The characteristic symptom of Bell’s palsy is weakness or even paralysis of the facial muscles. It usually affects one side of the face (unilateral), similar to a stroke. Both the upper and lower half of the face is affected. In rare cases both sides of the face may be affected. Initially this may be noticed as an inability to close the eyelids fully on one side or a slightly ‘fallen’ smile on the affected side. But as the symptom progresses, the face appears to be drooping on one side. This facial drooping is a result of the facial muscles not being able to contract as it normally would.
Pain In or Behind Ear
Ear pain is another common symptom of Bell’s palsy that is uncommon in a stroke. This pain may be felt in the ear, behind it and is sometimes also described as pain around the jaw. Eye pain may also be experienced as an early symptom. Half of all patients with Bell’s palsy will experience pain behind the ear. Usually it occurs simultaneously with the muscle weakening or paralysis of the face. But in about 1 out of 4 cases the ear pain may precede the onset of weakness and paralysis by 2 to 3 days.
Heightened Sensitivity to Sound
An abnormal sensitivity to sound (hyperacusis) is another symptom that is commonly seen in Bell’s palsy and may also occur in a stroke. It tends to occur on the same side as the weakness or paralysis. Hyperacusis is a result of the stapedius muscle becoming weakened. This is a tiny muscle (the smallest in the human body) that prevents the middle ear bone, the stapes, from vibrating excessively. When paralyzed the uncontrolled vibration of the stapes as a result of sound waves causes sound to be perceived louder than normal.
Impaired Ability to Taste
About 80% of patients with Bell’s palsy will experienced an impaired sense of taste (hypogeusia). However, it often goes unnoticed in most patients as the taste disturbance only affects one side of the tongue. The normal sense of taste on the other side may therefore make up for it and therefore this symptom goes unnoticed. In terms of prognosis, if the taste sensation returns to normal quickly then this is a good sign that the Bell’s palsy symptoms will resolve completely in due course.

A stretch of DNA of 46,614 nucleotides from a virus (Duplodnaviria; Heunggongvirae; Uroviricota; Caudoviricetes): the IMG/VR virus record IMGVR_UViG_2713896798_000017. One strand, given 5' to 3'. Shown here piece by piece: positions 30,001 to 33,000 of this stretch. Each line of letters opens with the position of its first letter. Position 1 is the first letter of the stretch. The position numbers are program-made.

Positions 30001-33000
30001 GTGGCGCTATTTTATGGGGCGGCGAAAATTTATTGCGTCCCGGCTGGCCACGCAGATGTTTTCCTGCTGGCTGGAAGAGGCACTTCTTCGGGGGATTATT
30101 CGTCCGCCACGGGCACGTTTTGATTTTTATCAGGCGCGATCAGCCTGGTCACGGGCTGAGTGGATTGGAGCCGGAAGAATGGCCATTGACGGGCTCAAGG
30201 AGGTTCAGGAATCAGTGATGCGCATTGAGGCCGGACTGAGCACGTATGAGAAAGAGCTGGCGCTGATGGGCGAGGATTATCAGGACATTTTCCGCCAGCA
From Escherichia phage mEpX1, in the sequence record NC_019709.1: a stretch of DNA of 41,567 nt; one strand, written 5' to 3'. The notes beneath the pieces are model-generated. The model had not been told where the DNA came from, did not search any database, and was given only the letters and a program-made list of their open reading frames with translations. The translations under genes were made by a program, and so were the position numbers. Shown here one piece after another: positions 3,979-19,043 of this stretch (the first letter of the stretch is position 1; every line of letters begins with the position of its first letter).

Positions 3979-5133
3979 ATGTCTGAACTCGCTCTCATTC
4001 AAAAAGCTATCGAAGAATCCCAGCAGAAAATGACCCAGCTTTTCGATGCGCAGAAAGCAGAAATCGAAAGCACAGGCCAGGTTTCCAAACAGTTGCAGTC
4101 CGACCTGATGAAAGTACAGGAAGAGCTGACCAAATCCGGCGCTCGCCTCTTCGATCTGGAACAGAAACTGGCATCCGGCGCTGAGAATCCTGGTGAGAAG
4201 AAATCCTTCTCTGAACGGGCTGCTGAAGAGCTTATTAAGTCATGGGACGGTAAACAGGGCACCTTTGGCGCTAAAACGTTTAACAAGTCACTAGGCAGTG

Change in Tears and Saliva
Alterations in tearing and salivation are other common symptoms in Bell’s palsy. Initially patient’s experience reduced tear output but later in the condition there is excessive tearing when chewing. Excessive salivation on the affected side is another common symptom. It is often noticed as drooling since the dropping of the face affects the ability to slow the lips fully. Abnormalities in salivation and tearing is not unique to Bell’s palsy and may be seen in several other neurological conditions including a stroke or brain tumor.
Eye and Eyelid Problems
There are a number of eye and eyelid symptoms that occurs with Bell’s palsy. Eye pain and problems with tearing are the main eye symptoms. Some complications arise with the inability to close the eyelid completely and reduced tear secretion among other eye symptoms. These complications can be very severe and may occur even months after the first symptom’s of Bell’s palsy arises. It can affect vision and often many patients with Bell’s palsy will report blurring of the vision, similar to a stroke.